Pentagon Asks Commercial Airlines to Assist in Afghan Evacuation Effort

(AP) —
People evacuated from Kabul, Afghanistan, walk through the terminal to board a bus after they arrived at Washington Dulles International Airport, in Chantilly, Va., on Aug. 21. (AP Photo/Jose Luis Magana)

The Pentagon has formally announced it will seek assistance from commercial airliners to provide airplanes as evacuation efforts in Afghanistan continues.

Secretary of Defense Lloyd J. Austin has activated the Stage I of the Civil Reserve Air Fleet (CRAF) for the use of 18 commercial airplanes from several airlines to use for American military efforts to evacuate U.S. citizens and personnel, Special Immigrant Visa applicants, and other at-risk individuals from Afghanistan.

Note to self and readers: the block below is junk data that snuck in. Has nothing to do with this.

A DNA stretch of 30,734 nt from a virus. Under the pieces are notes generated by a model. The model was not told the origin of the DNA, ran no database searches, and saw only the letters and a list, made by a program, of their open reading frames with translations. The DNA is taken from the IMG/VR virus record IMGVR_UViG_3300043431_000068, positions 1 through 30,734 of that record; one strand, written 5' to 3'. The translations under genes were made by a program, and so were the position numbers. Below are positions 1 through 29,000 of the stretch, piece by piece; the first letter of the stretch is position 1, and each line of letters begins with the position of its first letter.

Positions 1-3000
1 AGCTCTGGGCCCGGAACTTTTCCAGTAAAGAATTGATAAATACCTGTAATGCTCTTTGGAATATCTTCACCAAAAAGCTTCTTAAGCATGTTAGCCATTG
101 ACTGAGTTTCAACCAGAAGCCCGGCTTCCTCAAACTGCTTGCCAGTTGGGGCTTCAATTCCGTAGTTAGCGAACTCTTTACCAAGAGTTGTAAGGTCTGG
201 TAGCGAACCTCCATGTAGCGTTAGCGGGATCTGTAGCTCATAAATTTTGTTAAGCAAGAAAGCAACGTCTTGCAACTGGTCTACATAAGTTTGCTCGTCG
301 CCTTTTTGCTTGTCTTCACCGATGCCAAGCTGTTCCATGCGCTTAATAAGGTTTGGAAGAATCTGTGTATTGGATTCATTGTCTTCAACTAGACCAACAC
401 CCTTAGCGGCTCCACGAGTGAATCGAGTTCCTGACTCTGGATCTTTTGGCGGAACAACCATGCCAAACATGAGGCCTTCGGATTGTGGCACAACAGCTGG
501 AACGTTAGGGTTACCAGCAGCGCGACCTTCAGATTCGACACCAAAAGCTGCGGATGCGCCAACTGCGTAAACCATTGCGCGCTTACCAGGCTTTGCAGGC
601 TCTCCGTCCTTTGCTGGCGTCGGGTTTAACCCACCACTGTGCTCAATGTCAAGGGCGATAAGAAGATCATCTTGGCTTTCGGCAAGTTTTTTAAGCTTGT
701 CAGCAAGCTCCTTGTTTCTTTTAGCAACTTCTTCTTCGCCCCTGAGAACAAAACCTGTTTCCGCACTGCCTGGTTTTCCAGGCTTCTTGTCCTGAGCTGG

The commercial planes will not fly into Hamid Karzai International Airport in Kabul, but will be used to shuttle evacuees who have already left Afghanistan and are sheltering in other countries, many on American military bases.

The CRAF formally requested 4 aircrafts from United Airlines, 3 each from American Airlines, Atlas Air, Delta Air Lines and Omni Air; and 2 from Hawaiian Airlines.

This is the third time the CRAF has been activated in the history of the program, and comes as the Pentagon and President Joe Biden are facing blistering criticism for the failure to anticipate the need for an evacuation program.

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